From infowar to the knowledge warfare - Base de connaissance AEGE

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From infowar to the knowledge warfare - Base de connaissance AEGE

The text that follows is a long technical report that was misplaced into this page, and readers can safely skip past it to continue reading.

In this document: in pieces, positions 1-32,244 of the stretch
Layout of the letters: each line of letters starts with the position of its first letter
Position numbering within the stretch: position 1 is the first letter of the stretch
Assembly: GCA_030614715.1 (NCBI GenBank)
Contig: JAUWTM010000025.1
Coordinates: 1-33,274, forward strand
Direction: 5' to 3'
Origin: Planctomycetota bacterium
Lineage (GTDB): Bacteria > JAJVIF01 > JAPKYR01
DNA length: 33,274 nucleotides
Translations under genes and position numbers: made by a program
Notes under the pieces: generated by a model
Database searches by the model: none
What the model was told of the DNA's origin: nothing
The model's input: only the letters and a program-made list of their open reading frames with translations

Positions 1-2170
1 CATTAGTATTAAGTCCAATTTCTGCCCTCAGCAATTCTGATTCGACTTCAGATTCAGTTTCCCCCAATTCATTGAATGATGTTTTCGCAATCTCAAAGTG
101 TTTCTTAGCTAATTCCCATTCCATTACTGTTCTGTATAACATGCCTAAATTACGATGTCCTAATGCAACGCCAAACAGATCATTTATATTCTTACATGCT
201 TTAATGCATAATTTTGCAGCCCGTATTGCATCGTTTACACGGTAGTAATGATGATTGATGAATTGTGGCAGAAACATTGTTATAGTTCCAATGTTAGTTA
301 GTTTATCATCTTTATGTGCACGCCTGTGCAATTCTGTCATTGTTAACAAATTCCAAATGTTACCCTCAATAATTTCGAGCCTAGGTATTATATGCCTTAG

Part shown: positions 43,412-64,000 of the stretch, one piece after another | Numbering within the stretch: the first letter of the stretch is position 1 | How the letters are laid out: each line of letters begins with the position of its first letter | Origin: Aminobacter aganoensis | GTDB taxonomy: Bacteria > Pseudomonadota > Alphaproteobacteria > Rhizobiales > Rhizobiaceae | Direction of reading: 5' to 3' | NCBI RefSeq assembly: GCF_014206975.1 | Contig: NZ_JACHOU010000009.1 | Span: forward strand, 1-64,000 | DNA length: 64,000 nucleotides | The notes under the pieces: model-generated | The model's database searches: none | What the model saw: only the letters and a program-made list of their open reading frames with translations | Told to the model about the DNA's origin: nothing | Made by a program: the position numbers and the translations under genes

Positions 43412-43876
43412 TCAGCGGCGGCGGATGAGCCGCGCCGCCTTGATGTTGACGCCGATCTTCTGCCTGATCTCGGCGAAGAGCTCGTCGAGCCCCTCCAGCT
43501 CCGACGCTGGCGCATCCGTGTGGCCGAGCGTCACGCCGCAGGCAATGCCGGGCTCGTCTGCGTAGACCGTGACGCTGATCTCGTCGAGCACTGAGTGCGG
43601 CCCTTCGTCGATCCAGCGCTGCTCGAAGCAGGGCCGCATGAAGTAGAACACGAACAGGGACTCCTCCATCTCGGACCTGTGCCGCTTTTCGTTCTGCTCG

FROM INFOWAR TO THEKNOWLEDGE WARFAREPreparing for the paradigm shiftWe will argue in this paper that InfoWar - informational arena-based warfare - hasbeen thought within the boundaries of old schemata that will no longer be accurate inthe XXI st century.Mots clésInfowar, Knowledge warfare, Information paradigm.23 & 24 Mai 1996Auteur :Philippe BaumardLe(s) auteur(s) de ce document d’analyse, d’opinion, d'étude et/ou de recherche a autorisé l'AEGE à enregistrer l'article dans la base dedonnées, dénommée : bdc.aege.fr. La diffusion, publication subséquente est aussi autorisée par l'(es) auteur(s) sur toutes formes de supportécrit, électronique uniquement au sein des membres de cette association, utilisateur de cette base de données. Aucune autre forme dediffusion n'est autorisée. L'analyse, l'opinion et/ou la recherche reposent sur l'utilisation de sources éthiquement fiables mais l'exhaustivité etl'exactitude ne peuvent être garantie. Sauf mention contraire, les projections ou autres informations ne sont valables qu'à la date de lapublication du document, et sont dès lors sujettes à évolution ou amendement dans le temps.Le contenu de ces documents et/ou études n'a, en aucune manière, vocation à indiquer ou garantir des évolutions futures. Le contenu de cetarticle n’engage la responsabilité que de ses auteurs, il ne reflète pas nécessairement les opinions du(des) employeur(s), la politique oul’opinion d’un organisme quelconque, y compris celui de gouvernements, d’administrations ou de ministères pouvant êtres concernés pas cesinformations. Et, les erreurs éventuelles relèvent de l’entière responsabilité des seuls auteurs.Les droits patrimoniaux de ce document et/ou étude appartiennent à l'Association AEGE, voire un organisme auquel les sources auraient puêtre empruntées. Le(s) auteurs ont expressément cédés les droits patrimoniaux subséquents à l'insertion de ce(s) document(s) dans la base dedonnées bdc.aege.fr. Toute utilisation, diffusion, citation ou reproduction, en totalité ou en partie, de ce document et/ou étude ne peut se fairesans la permission expresse du(es) rédacteur(s) et du propriétaire des droits patrimoniaux.BasedeConnaissanceAEGE:http://www.bdc.aege.fr